The COVID pandemic forced companies to automate business processes far faster than they had planned. How are they doing? Image: iStock/NicoElNino With the onset of the COVID-19 pandemic, more companies Continue Reading

The COVID pandemic forced companies to automate business processes far faster than they had planned. How are they doing?

Image: iStock/NicoElNino

With the onset of the COVID-19 pandemic, more companies shifted to digital operations and adopted business automation. Even in the face of a major pandemic, companies moved forward, implementing new technologies and automating operations, because they could no longer depend upon staff being on site.

“Time to value, time savings, controlled cost management, business agility, superior customer experiences and breakaway growth are all results one can expect from business process automation if it’s done in the most optimal way,” said Jan Arendtsz, CEO and founder of Celigo, which provides automated integration.

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Arendtsz points to these business process automation success stories:

  • One company reported cutting its workload in half, allowing its resources to focus on advancing the product rather than integrating applications.
  • Another company saw an uptick of 5% more payments being applied after implementing an automated cash application manager. 
  • A third company saved hundreds of hours of manual work and gained timely, accurate financials; and 
  • The CDC Foundation saw a five-fold increase in transactions after implementing an automation solution between its ERP and CRM systems. The organization experienced time savings that allow it to focus on its mission-critical work to support the Centers for Disease Control and Prevention. 

From an IT standpoint, what made these efforts successful was the ability to rapidly integrate a diverse set of applications by automating large portions of the integration effort. This was enabled by pre-built integrations to popular systems such as ERP, CRM, Salesforce, Excel and others.

“It’s an important point,” Arendtsz said, “Because many people use the word ‘automation’ when really they are merely integrating one application to another in a point-to-point fashion. While that singular [integration] process may be connected, it still leaves data silos and manual work or coding to connect to other parts of the business. With automation, the process goes a step further by connecting multiple applications using pre-built integrations to one ‘hub’ and by using embedded business logic to impact flows that are happening downstream.”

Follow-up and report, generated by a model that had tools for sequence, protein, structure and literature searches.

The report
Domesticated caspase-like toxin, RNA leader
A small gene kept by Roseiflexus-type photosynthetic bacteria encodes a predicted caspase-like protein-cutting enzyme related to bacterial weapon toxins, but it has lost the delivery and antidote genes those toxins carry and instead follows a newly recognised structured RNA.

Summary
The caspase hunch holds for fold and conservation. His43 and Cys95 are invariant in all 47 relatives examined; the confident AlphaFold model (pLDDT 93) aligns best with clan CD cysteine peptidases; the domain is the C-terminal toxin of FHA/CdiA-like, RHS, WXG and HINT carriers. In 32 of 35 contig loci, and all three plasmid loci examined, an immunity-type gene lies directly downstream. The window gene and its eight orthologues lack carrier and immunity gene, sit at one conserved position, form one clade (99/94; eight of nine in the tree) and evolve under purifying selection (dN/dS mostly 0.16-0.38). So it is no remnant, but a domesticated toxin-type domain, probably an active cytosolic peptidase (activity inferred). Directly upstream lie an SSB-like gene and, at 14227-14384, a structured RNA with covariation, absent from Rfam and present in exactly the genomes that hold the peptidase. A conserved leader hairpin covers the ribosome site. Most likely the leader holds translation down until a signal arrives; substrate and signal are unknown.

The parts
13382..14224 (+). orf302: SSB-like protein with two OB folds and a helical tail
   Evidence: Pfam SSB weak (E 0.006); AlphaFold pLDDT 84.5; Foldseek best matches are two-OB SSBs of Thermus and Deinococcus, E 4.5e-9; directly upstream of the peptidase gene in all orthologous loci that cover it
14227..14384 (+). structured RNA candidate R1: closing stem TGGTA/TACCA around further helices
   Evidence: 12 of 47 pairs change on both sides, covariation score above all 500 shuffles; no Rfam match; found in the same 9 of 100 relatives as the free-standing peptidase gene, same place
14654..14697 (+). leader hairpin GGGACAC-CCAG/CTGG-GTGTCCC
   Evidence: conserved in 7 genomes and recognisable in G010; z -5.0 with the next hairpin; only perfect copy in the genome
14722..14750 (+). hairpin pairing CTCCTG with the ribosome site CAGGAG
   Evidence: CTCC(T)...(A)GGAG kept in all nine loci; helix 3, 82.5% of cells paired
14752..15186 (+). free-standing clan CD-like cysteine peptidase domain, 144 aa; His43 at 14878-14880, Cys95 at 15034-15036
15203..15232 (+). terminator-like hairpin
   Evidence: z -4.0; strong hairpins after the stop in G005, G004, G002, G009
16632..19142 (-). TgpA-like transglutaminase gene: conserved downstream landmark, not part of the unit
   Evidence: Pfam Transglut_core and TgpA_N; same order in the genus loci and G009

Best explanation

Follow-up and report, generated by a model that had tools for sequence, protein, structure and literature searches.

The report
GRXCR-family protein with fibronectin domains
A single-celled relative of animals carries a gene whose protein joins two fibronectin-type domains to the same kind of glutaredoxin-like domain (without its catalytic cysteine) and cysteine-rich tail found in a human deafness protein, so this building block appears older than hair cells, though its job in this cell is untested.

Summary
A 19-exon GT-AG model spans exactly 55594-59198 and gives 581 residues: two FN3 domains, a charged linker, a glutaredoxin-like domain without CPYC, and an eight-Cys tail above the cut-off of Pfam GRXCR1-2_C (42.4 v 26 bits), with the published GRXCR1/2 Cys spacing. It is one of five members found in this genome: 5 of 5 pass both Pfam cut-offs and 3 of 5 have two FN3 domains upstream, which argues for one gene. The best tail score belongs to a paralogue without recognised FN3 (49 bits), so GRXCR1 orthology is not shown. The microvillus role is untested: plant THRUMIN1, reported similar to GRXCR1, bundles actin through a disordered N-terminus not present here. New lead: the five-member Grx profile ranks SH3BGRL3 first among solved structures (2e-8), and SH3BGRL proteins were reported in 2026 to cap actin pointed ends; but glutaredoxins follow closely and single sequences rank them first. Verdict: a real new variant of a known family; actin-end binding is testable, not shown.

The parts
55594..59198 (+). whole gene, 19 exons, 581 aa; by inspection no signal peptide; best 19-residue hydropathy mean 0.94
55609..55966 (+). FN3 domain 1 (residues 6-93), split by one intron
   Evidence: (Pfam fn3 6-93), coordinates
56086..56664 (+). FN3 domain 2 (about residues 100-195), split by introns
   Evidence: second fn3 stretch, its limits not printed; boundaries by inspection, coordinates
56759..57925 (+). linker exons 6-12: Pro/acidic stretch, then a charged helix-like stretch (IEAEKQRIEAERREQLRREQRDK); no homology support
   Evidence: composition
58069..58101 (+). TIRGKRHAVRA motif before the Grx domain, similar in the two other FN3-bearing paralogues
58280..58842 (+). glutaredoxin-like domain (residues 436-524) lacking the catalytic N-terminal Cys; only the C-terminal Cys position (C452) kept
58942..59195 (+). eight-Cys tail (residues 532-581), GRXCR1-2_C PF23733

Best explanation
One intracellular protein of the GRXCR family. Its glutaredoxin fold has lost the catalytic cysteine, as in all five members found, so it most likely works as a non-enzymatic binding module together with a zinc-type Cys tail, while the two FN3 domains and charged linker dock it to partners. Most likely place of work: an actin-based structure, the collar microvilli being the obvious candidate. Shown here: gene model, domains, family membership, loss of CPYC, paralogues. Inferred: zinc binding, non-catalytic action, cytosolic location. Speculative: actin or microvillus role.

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Leveraging the power of automated integration will help IT break down silos, build and revise business processes, and avail more information to everyone across the enterprise.

But at the same time, there are important caveats for using software tools that affect automated application integrations during business process designs

  1. No automation tool can replace users and IT working hand in hand in business process design or redesign before any applications get integrated or changed.
    Business process modeling, design and (where possible) testing and projection of results should all occur first, with everyone solidly behind the effort before a project is started.
  2. IT must retain an integral role in software integration when business processes are changed.
    “Too many companies opt for ‘no-code’ recipes when looking for a solution because they don’t have the technical resources to custom code the integrations,” Arendtsz said . “While simplicity is important to allow business users to implement their own automations, it’s equally as important that IT teams maintain some oversight across the entire business and have the ability to customize integrations as needed. Having integrations managed from a central platform allows this oversight while enabling business users to create their own automations.”
  3. The human role in business process automation must be planned for.
    Data integration and business process automation will not replace humans in the workplace. Instead, they will reroute people to tasks of greater strategic significance in the business. For an accounting employee, this might mean moving away from manually rekeying invoices and other types of data between systems because of a system integration failure, and instead becoming a financial analyst.

What’s important above all is synchronizing the retooling of the workforce with the retooling of systems. Employees must be prepared for the new jobs they will be doing. They must know they have a future with the company. 

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